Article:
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Natural fracture propping and earthquake-induced oil migration in fractured basement reservoirs.

Holdsworth, R.E. and McCaffrey, K.J.W. and Dempsey, E. and Roberts, N.M.W. and Hardman, K. and Morton, A. and Feely, M. and Hunt, J. and Conway, A. and Robertson, A. (2019) 'Natural fracture propping and earthquake-induced oil migration in fractured basement reservoirs.', Geology, 47 (8). pp. 700-704.

Abstract

The geological processes that create fluid storage capacity and connectivity in global fractured basement reservoirs are poorly understood compared to conventional hydrocarbon plays. Hosting potentially multibillion barrels of oil, the upfaulted Precambrian basement of the Rona Ridge, offshore west of Shetland, UK, gives key insights into how such reservoirs form. Oil presence is everywhere associated with sub-millimeter- to meterthickness mineralized fracture systems cutting both basement and local preseal cover sequences. Mineral textures and fluid inclusion geothermometry suggest a low-temperature (90–220 °C), near-surface hydrothermal system, as does the preservation of clastic sediments in the same fractures. These fills act as permanent props holding fractures open, forming long-term fissures in the basement that permit oil ingress and storage. Calcite-fill U-Pb dating constrains the onset of mineralization and contemporaneous oil charge to the Late Cretaceous. The additional preservation of oil-stained injected sediment slurries and silica gels along basement faults suggests that rift-related seismogenic faulting initiated lateral oil migration from Jurassic source rocks into the adjacent upfaulted ridge. Subsidence below sea level in the latest Cretaceous sealed the ridge with shales, and buoyancy-driven migration of oil into the preexisting propped fracture systems continued long after the cessation of rifting. These new observations provide an explanation for the viability of sub-unconformity fractured basement reservoirs worldwide, and have wider implications for subsurface fluid migration processes generally.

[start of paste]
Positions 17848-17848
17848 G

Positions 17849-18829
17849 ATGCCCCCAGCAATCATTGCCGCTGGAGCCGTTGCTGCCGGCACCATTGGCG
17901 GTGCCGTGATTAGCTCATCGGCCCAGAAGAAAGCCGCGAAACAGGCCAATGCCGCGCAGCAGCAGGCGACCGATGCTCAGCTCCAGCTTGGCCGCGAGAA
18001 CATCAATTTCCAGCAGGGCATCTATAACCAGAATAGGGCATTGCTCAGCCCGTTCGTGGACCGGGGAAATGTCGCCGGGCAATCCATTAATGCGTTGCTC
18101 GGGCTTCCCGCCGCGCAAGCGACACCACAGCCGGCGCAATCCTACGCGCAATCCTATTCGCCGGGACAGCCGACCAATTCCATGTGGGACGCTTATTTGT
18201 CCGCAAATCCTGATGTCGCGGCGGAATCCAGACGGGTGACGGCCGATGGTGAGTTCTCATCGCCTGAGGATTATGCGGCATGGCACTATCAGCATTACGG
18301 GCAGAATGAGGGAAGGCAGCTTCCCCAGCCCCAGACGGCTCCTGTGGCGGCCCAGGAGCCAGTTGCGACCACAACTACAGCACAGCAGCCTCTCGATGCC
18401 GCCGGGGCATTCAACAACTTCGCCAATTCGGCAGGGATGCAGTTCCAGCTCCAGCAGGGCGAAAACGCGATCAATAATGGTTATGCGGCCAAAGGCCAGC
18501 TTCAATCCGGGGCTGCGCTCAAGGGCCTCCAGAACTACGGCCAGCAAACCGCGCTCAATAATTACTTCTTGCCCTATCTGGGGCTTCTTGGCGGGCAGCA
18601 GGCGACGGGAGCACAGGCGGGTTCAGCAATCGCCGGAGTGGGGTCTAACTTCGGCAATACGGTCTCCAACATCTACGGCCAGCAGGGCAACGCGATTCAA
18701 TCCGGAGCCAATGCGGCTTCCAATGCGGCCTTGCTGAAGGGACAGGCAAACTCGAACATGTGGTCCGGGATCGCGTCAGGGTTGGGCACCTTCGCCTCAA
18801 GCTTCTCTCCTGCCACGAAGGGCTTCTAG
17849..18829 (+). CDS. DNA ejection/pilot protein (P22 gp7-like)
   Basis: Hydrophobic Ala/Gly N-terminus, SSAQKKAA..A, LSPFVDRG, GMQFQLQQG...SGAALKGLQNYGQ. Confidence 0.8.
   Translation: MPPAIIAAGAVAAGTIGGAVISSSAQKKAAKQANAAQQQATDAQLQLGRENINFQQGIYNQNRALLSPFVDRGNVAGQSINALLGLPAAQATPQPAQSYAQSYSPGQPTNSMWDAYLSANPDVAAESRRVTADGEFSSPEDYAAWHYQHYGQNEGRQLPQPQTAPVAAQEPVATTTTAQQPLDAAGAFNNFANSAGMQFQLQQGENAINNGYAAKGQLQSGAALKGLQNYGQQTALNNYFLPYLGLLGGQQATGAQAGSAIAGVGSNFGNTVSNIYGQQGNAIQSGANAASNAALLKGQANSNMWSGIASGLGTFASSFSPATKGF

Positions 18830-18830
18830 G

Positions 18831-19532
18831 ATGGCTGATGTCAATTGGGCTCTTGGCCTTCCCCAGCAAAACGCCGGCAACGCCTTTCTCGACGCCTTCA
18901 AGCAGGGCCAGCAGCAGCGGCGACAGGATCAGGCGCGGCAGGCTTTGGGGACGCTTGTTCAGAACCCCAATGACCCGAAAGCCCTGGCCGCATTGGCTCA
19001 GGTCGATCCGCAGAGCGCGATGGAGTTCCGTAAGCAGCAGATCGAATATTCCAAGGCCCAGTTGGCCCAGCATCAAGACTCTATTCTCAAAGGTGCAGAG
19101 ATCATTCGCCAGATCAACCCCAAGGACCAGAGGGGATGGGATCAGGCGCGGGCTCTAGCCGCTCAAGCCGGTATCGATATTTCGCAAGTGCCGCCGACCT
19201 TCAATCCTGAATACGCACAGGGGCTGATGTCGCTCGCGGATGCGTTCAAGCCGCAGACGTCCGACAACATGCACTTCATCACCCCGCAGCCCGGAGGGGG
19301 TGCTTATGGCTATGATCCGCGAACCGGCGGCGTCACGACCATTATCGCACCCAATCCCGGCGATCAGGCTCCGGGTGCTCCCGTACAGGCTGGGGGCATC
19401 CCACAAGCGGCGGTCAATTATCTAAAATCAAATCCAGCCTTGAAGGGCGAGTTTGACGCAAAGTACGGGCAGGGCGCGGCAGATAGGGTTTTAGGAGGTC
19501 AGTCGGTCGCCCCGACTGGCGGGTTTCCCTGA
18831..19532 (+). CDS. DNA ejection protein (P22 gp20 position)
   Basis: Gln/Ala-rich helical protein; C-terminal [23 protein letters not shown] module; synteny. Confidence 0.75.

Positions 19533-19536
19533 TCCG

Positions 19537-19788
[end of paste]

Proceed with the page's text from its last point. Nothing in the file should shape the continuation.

Item Type:Article
Full text:Publisher-imposed embargo
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Full text:(VoR) Version of Record
Available under License - Creative Commons Attribution.
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Full text:(VoR) Version of Record
Available under License - Creative Commons Attribution.
Download PDF
(1620Kb)
Status:Peer-reviewed
Publisher Web site:https://doi.org/10.1130/G46280.1
Publisher statement:© 2019 The Authors. Gold Open Access: This paper is published under the terms of the CC-BY license.
Date accepted:03 May 2019
Date deposited:03 May 2019
Date of first online publication:22 May 2019
Date first made open access:29 May 2019

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